President Muhammadu Buhari on Monday approved the establishment of state and local government police.
This is even as he has approved the dismissal of 37 police officers as recommended by the National Human Rights Commission Presidential Special Panel on SARS reforms.
President Buhari directed that the submission of the report of the presidential panel on the reform of Special Anti-Robbery Squad (SARS), of the Nigeria Police, at the Presidential Villa, Abuja, that the implementation of the right recommendations carried out within three months.
He said: “I want to thank the panel once more, and hereby direct that since the recommendations of the commission that constituted the panel are enforceable as decisions of the court, that the Inspector General of Police and the Solicitor General of the Federation/Permanent Secretary, Federal Ministry of Justice meet the commission to work out the modalities for the implementation of the report within three months from today.”
The Executive Secretary, National Human Rights Commission and Chairman Presidential Panel on SARS Reform, Anthony Ojukwu, listed the panel recommendations to include: “Significant improvement in the funding, kitting and facilities of the Nigeria Police Force; Strengthening Information and Communication Technology of the Force; Establishment of State and local government police; and institutionalising a Special Investigation Panel to annually hear and determine complaints on alleged human rights violations against operations of the Nigeria Police Force.
Others are “strengthening the Police Rapid Response Complaints Unit of the Nigeria Police and other internal complaints mechanisms of the force to make them more responsive; renaming the Special Anti-Robbery Squad (SARS) to Anti-Robbery Section (ARS) which was its original name and to make the section operates under the intelligence arm of the police from the divisional, area command, state command, zonal command up to the force headquarters level. This will also remove the stigma presently associated with the name SARS, and ensuring the ARS limits itself to tackling armed robbery while other intelligence and operational units are strengthened to perform their various special tasks.
According to Ojukwu, the panel received 113 complaints on alleged human rights violations from across the country and 22 memoranda on suggestions on how to reform and restructure SARS and the Nigeria Police in general.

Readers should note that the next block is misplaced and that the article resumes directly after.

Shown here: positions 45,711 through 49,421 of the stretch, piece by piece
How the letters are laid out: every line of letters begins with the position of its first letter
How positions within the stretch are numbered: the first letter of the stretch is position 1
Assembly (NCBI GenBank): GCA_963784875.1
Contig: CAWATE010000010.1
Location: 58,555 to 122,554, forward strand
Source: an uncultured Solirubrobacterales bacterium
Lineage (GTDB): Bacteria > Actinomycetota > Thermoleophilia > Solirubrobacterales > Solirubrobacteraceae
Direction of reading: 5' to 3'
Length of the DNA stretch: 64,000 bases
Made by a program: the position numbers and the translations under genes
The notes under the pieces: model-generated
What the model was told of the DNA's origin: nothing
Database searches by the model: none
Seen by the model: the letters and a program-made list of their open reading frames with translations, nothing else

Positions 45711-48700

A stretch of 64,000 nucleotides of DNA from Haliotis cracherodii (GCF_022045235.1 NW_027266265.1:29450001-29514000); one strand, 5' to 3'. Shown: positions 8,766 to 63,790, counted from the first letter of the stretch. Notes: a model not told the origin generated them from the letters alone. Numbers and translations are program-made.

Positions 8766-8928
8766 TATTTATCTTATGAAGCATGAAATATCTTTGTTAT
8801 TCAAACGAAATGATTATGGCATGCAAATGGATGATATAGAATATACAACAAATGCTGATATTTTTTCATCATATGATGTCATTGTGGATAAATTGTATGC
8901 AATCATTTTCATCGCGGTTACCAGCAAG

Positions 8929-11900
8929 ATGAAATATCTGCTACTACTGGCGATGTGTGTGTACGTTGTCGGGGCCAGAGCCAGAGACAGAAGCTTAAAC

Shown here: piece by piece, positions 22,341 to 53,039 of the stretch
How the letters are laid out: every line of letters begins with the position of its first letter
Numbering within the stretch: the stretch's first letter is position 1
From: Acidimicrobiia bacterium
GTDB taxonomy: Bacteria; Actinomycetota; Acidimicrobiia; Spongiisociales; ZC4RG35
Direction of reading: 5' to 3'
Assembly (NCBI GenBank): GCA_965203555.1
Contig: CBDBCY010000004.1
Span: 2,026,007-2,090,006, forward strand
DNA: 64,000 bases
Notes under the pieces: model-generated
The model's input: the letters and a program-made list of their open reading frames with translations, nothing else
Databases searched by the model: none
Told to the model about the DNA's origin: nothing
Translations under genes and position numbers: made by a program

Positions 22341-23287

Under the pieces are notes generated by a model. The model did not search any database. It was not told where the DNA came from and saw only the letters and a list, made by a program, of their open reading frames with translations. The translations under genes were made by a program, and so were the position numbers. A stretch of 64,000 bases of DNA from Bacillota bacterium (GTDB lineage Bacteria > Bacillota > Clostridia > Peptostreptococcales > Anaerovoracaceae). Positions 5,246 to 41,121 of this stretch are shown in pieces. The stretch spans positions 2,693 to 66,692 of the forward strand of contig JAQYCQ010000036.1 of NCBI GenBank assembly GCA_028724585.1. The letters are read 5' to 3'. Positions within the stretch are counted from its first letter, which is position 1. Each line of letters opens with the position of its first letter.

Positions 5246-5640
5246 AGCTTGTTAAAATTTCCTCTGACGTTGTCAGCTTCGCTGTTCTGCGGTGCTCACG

He said: “At the end of its public hearing and having listened to complaints as well as defendants and their counsel, the panel recommended 37 police officers for dismissal from the force. Twenty four were recommended for prosecution.
“The panel also directed the Inspector General of Police to unravel the identity of 22 officers involved in the violation of the human rights of innocent citizens.
“The police was directed to pay compensation of various sums in 45 complaints and tender public apologies in ﬁve complaints and directed to obey court orders in ﬁve matters.
“The police was directed to immediately arrest and prosecute two retired senior police officers who were found to have violated the rights of citizens (one for extra-judicial killing and the other for an illegal takeover of the property of a suspect). The panel also recovered two vehicles illegally auctioned by SARS officers and returned them to their owners.”
Some other key recommendations of the panel include “signiﬁcant improvement in the funding, kitting and facilities of Nigeria
Police Force; strengthening of Information and Communication Technology of the force; establishment of state and local government police.”
Other panel members include Tijani Mohammed, Police Service Commission; David I. Shagba, Public Complaints Commission; Hashimu Argungu, Deputy Inspector General of Police (rtd); Professor Etanibi Alemika, University of Jos; Chino Obiagwu, Human Rights Agenda Network; Ms Iyabode Ogunseye, Nigerian Bar Association and Abdulrahman Ayinde Yakubu, National Human Rights Commission,